Visual Literacy in History Classes

On January 22, Mt. Greylock social studies teachers passed out a group of pictures for students to interpret. The visuals varied from class to class depending on curriculum and were meant to improve visual literacy and analytical skill among students. “Usually we associate literacy with decoding the written word,” said Jeffrey Welch, head of the Social Studies Department at Mt. Greylock. Welch believes that the world is “image rich” and believes that emphasizing visual literacy is a good way for students to be able to “look at [a visual] and learn from it.”

Visual literacy has always been part of the common core for history teachers, but recently schools across the country have put increased emphasis on the skill is spreading across the country. This national emphasis is in part driven by the new changes in format of many of the AP History tests.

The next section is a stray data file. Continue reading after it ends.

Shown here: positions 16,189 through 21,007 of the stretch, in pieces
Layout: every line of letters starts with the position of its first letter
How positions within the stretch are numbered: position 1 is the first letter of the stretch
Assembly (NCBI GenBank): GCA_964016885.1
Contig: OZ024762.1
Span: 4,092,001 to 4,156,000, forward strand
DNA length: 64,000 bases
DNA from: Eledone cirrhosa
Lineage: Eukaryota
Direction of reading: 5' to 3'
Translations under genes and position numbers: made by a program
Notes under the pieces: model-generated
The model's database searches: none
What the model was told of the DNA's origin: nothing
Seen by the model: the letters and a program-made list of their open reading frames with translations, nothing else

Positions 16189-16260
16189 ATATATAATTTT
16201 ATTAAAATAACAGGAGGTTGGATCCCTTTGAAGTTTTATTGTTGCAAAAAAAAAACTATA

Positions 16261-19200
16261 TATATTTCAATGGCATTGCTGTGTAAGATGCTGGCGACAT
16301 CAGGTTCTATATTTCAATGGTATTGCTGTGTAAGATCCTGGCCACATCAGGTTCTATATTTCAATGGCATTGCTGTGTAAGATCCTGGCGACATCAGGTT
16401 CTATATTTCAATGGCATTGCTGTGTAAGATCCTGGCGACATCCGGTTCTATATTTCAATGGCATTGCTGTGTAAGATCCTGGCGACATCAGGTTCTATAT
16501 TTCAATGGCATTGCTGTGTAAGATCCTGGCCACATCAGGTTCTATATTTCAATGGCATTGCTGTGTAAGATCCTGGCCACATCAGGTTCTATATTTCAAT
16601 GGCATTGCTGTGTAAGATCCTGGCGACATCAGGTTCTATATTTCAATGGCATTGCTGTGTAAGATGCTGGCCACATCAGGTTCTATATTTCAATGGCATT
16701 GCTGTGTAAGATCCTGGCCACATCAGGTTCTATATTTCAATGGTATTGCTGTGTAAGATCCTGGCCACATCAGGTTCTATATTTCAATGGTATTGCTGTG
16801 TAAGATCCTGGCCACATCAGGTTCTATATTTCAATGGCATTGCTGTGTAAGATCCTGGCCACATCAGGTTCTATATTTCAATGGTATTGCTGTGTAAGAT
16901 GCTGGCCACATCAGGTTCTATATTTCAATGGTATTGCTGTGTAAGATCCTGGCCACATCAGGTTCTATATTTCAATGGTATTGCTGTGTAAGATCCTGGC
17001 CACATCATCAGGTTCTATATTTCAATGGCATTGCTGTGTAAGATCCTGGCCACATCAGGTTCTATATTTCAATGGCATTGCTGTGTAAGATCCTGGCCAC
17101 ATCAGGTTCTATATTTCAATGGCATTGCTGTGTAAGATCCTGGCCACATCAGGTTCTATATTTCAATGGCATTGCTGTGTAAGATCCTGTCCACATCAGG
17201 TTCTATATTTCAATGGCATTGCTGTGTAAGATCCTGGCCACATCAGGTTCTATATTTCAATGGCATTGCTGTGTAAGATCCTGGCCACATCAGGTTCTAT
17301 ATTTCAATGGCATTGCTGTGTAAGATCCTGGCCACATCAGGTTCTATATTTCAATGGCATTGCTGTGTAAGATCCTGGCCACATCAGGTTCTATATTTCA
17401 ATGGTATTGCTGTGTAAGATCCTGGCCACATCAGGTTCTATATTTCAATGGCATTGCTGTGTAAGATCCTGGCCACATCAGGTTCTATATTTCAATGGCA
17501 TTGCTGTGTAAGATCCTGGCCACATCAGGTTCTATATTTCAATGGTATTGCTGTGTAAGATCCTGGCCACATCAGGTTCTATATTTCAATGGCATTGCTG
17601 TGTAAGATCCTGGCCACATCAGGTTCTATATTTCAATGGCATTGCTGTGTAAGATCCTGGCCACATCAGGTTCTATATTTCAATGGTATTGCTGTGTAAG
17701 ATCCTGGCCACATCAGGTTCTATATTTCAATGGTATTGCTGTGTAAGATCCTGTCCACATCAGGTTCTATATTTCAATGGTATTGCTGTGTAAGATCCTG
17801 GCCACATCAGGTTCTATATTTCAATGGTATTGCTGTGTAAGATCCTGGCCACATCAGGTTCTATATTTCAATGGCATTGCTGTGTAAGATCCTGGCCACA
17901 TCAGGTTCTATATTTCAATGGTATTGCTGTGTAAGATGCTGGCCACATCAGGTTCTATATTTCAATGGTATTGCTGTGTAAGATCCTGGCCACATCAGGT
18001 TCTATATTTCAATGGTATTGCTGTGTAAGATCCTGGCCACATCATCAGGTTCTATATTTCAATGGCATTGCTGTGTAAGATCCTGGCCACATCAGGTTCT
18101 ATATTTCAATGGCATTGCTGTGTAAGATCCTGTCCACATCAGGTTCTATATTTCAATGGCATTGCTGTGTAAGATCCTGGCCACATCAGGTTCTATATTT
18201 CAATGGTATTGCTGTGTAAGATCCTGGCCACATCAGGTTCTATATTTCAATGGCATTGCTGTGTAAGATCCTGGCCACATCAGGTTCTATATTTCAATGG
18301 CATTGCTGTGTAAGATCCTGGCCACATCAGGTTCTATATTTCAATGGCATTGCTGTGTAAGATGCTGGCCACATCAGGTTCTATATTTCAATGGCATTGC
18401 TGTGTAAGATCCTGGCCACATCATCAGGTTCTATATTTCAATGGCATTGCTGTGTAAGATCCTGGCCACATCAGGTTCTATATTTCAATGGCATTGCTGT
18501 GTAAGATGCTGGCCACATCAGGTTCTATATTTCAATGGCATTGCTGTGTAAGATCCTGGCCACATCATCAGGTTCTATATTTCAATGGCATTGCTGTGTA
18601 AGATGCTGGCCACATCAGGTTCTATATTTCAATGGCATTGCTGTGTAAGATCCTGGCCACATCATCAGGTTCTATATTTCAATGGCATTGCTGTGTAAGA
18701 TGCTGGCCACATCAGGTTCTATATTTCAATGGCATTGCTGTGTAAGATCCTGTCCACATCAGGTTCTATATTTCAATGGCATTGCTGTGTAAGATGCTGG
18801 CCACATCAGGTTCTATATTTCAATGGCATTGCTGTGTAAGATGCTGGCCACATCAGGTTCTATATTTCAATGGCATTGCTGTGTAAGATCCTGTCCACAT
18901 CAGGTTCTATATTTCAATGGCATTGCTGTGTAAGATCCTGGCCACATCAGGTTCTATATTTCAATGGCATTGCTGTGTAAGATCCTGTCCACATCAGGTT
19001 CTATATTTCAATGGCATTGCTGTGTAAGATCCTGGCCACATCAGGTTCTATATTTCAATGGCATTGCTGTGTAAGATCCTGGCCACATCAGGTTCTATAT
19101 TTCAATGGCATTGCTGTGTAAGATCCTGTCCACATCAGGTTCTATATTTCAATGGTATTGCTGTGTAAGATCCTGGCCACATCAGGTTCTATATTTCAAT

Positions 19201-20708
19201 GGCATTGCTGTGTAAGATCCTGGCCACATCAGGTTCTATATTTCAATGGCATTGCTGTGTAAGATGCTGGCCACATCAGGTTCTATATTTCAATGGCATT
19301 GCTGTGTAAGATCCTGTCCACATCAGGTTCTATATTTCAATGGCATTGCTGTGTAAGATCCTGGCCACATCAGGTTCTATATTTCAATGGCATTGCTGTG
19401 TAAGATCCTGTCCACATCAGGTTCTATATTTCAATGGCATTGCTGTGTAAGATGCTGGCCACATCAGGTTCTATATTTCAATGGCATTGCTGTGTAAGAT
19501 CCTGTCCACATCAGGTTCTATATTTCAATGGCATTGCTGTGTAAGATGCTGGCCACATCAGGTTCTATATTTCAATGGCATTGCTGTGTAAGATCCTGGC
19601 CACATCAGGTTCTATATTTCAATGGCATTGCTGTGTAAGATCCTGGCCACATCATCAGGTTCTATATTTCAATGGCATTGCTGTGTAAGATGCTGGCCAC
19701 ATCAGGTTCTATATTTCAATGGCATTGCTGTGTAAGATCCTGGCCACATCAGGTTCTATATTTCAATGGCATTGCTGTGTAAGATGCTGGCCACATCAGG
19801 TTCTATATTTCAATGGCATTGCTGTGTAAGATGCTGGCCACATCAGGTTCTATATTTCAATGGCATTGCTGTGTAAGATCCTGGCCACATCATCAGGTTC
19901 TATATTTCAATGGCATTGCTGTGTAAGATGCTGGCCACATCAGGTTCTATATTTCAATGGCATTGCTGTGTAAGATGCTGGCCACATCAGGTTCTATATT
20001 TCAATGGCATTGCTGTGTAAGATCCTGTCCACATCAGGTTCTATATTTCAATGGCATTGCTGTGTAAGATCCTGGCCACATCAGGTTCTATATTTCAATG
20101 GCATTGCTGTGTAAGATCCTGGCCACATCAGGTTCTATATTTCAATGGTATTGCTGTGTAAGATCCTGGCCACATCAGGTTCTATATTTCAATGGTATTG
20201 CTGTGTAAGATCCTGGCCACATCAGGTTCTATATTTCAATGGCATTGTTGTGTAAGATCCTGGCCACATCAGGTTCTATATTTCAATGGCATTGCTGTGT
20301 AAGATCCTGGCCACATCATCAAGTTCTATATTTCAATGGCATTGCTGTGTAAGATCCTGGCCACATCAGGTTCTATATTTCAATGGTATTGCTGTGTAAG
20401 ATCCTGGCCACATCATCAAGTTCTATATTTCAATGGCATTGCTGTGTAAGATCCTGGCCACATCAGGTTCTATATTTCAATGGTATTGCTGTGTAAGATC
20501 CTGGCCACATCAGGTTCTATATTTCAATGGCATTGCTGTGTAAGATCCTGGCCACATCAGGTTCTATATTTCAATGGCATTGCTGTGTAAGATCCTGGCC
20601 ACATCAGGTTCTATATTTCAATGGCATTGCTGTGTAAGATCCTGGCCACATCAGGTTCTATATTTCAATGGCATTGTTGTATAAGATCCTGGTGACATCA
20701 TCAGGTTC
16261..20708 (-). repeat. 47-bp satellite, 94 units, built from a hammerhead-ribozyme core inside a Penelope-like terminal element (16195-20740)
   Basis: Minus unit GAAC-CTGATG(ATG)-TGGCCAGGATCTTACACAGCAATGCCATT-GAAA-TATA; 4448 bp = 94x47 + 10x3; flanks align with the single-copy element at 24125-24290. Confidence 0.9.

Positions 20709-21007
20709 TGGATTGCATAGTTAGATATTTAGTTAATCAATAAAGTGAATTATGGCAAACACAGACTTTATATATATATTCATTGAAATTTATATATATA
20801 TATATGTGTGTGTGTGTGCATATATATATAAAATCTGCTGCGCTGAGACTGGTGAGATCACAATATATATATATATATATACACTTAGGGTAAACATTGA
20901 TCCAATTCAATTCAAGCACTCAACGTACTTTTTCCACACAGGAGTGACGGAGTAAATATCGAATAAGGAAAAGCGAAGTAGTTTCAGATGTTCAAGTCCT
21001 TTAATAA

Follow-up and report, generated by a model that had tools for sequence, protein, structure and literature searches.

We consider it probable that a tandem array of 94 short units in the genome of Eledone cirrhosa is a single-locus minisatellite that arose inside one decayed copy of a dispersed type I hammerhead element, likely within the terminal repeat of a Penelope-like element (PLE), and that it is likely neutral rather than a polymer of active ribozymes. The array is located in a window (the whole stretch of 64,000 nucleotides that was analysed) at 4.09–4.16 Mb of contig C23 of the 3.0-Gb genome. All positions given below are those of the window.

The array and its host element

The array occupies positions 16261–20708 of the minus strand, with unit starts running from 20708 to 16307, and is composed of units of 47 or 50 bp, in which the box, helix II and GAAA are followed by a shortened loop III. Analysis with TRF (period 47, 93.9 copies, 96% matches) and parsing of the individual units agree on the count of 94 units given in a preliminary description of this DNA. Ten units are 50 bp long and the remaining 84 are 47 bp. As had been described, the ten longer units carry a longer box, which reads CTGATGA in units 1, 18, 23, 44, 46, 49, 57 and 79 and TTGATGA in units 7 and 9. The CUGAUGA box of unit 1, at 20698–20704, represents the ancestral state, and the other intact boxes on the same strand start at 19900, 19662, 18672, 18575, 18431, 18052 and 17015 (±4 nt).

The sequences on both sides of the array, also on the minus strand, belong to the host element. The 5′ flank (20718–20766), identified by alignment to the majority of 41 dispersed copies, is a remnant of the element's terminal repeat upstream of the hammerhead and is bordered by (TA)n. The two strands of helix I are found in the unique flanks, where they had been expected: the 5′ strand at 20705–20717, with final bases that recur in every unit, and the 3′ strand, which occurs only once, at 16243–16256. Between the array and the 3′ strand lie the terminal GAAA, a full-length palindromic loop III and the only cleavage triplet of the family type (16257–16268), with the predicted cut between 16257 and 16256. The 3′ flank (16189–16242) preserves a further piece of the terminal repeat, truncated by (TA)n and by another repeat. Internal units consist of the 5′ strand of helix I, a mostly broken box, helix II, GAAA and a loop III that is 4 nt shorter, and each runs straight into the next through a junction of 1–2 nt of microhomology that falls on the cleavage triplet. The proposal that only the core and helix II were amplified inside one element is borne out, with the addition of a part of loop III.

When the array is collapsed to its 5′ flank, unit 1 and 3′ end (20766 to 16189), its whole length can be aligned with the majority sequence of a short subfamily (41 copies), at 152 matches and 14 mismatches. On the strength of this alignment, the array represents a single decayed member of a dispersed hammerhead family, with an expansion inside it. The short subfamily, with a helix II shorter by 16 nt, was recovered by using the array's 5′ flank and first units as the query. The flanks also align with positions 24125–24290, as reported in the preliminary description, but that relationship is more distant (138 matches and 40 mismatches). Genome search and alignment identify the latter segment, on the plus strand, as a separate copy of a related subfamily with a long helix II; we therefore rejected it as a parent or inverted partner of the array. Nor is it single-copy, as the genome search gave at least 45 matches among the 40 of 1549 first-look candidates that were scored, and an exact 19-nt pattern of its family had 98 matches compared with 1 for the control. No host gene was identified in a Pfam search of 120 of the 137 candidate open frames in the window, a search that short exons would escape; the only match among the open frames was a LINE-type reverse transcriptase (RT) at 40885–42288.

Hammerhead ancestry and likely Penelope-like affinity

Welch said that the teachers “have decided to try and develop [visual literacy] in our students in a more formal way.”

This year is the pilot of formally teaching visual literacy. In the future, the plan is to distribute one of these literacy tests in the beginning of the year and one at the end to accurately gauge students’ improvement in visual literacy.

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